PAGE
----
On Monday, I posted 49 decisions you’ve made – perhaps by accident – about your weekly Large Group Meeting.

Besides (hopefully) being a fount of ideas, a post like that is also meant to emphasize something I find very important to understand: There are actually very few true “Best Practices” in the world of collegiate ministry.

It’s been awhile since I posted this argument, so here goes…

Based on everything I’ve seen and all the discussions I’ve had, I have come to believe firmly that true “Best Practices” in college ministry are few and far between.

The definitions I’m using here are important: The Wikipedia article on “Best Practice” says,

A best practice is a method or technique that has consistently shown results superior to those achieved with other means, and that is used as a benchmark. Best practice is … used to describe the process of developing and following a standard way of doing things that multiple organizations can use.

When I first posted these thoughts, it said something similar:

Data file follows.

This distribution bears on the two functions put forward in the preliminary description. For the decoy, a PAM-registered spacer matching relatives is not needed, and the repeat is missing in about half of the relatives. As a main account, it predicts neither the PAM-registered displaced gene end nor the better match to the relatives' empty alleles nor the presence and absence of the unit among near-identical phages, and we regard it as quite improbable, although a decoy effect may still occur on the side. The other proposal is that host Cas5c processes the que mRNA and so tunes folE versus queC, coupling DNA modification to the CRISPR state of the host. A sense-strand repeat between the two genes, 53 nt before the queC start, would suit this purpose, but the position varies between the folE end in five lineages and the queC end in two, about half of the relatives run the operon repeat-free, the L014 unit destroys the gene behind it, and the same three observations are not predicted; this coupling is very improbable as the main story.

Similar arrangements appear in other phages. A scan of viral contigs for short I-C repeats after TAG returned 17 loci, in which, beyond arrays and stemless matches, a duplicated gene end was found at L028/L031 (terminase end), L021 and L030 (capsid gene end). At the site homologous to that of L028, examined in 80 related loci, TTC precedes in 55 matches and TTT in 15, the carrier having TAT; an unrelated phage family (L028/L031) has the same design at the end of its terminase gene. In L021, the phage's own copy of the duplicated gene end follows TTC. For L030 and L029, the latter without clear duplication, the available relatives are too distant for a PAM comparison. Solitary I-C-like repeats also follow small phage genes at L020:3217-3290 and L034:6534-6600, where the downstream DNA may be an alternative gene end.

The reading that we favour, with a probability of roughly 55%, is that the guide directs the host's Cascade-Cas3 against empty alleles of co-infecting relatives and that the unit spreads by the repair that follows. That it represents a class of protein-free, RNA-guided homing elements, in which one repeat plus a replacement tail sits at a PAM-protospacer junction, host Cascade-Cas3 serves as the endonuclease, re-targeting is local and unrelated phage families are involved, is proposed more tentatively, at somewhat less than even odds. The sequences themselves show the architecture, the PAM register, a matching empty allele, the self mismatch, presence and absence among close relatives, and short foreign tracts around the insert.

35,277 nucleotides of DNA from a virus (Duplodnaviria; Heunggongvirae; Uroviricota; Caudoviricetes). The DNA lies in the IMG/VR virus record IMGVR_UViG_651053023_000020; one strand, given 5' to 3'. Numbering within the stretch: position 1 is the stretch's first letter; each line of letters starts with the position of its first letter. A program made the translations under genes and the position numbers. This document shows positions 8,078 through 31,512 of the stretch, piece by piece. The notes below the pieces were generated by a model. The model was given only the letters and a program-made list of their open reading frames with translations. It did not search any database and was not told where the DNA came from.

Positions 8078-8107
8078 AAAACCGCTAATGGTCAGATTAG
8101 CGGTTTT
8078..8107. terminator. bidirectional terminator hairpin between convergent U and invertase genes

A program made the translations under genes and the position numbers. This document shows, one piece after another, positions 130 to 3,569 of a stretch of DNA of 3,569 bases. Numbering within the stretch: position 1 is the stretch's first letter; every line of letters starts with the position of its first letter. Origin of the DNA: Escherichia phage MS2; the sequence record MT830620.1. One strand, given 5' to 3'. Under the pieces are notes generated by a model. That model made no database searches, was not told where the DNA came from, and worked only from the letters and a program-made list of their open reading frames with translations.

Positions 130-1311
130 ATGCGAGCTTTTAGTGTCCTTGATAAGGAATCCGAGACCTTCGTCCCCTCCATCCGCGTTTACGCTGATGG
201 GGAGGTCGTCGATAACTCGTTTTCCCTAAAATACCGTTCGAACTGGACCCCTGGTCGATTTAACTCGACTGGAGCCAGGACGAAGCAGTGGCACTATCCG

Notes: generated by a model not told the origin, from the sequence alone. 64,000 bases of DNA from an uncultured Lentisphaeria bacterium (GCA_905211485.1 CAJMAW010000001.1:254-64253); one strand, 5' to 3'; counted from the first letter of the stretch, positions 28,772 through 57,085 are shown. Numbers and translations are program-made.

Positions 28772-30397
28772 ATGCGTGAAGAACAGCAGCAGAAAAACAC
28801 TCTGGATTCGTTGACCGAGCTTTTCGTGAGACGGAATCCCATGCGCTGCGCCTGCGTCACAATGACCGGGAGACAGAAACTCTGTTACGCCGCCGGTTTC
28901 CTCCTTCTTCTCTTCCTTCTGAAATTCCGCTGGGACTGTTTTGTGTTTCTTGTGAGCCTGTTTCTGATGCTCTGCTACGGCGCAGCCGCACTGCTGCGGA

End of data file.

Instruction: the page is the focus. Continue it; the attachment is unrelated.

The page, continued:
A best practice is a technique, method, [etc.] that is believed to be more effective at delivering a particular outcome than any other technique, method, process, etc. when applied to a particular condition or circumstance.

Popularly, Christian ministers use the term “Best Practice” to indicate a method that has proven to be best in a high percentage of situations. It doesn’t necessarily mean it’s the only good way; it doesn’t mean there couldn’t be exceptions. But as a general rule, a Best Practice IS a go-to method, a “technique that has consistently shown results superior to those achieved with other means.”

And so, of course, campus ministers are always looking for Best Practices. And I can’t blame us: It seems like there should be many big methods that are worth highlighting as Best Practices as we work among the campus tribes. It seems like we’ve found obviously great methods that would clearly be valuable on most other campuses. It seems like establishing a successful college ministry could be largely cut-and-paste, as long as we’re willing to learn from how all those successful ministries function.

But it’s a myth.

There are a few Best Practices in college ministry. But they’re pretty rare. There are far more methods that are “good ideas” but which don’t meet the threshold of being “Best Practices.” They’re not “default,” go-to methods; they’re not clearly “more effective … than any other technique.” They’re just good ideas, and they may or may not be best on my campus, at this time, for these purposes.

And here’s the kicker: The way we do, learn, AND teach college ministry should reflect a lack of actual Best Practices.